fast moving consumer goods then disclosed that the
fastest moving items (like powdered milk) were
necessities being packaged in ever smaller containers
to be within reach of consumers' falling purchasing
power. Expenditure switching was associated with this
decline in sales volume, Salami asserted. Companies
marketing consumer goods had to lower their margins in
2002 to attract buyers since many poor people chose to
buy goods like GSM telephones rather than essential
items, notwithstanding their low level of income.
Consequently, unadjusted profits for the non-financial
sector fell by 6.4 percent during the period, he said.
The ratio of losers to winners during this time was
three to one, he added. A report appearing in the
December 30 issue of Business Day carried the headline,
"Economic Lull Impacts on Companies' Profits."


5. Except for cases in which the purchase of cellular
phones facilitates earning a living, other instances of
inessential purchases may rightly be considered
conspicuous spending. Such spending affects aggregate
growth only at the margin. The reason is simple: there
are simply too few Nigerians with substantial
purchasing power. Salami and his better-known colleague
at the business school, Pat Utomi, presented data
bearing out this point. Regarding distribution of
wealth, Salami said the richest four-percent of the
population in Nigeria possesses 48 percent of the
country's wealth. The next cohort accounts for 46
percent of the population and holds 44 percent of the
wealth. The bottom 50 percent of the population
accounts for 8 percent of the wealth. This highly
skewed distribution of wealth is sub-optimal with
respect to economic growth. Since the richest cohort's
propensity and ability to import is much larger than
that of the other two- thirds of the population, much
of the income of the top four percent of the population
helps to sustain foreign economies, not Nigeria. But
this group is numerically so small that it absorbs
little of Nigeria's manufactured products. This group
also generally disdains Nigerian goods and will buy
imported items whenever it can, further compounding the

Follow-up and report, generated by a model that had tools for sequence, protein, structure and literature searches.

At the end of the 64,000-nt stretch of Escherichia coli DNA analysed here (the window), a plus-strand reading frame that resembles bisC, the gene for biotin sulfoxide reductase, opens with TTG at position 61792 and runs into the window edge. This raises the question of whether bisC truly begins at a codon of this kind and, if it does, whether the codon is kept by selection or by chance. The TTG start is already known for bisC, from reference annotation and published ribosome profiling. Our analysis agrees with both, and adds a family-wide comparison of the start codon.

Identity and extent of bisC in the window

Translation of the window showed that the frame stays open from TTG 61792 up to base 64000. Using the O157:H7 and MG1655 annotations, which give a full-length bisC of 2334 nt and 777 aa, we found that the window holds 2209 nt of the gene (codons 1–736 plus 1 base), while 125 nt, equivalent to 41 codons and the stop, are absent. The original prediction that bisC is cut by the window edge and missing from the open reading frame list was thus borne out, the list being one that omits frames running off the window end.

problem. Its savings or surplus income, which accounts
for a large proportion of total private savings, is
consequently often channeled abroad. Such capital
flight further holds back Nigeria's economic growth.


6. There is another dysfunctional form of conspicuous
spending in Nigeria: that for political position. In
many other countries, people with money invest in
industry or services as these sectors of economic
activity generate wealth. In Nigeria, however, many
people with money invest directly in the political
sector or indirectly by backing politically ambitious
individuals. It is common knowledge that in Nigeria
politics can be the short road to massive wealth. How
else can one account for the substantial cost of recent
electoral activity in Nigeria? Funding of it, whether
originally through a draw down of foreign exchange
reserves, has been distributed primarily in naira to
advance the political prospects of various people. An
Emboff's informed estimate of the cost of the Peoples
Democratic Party convention in Abuja last week is that
it approximated 60 million USD.


7. Continuing in this vein, Utomi added that statistics
show that funding for the federal, state, and local
governments has quadrupled since 1998, yet little of it
is used productively. (Central Bank data confirm that
the revenues that accrued to the state and local
governments increased by a factor of four in nominal
terms during 1997-2001. Federal government revenues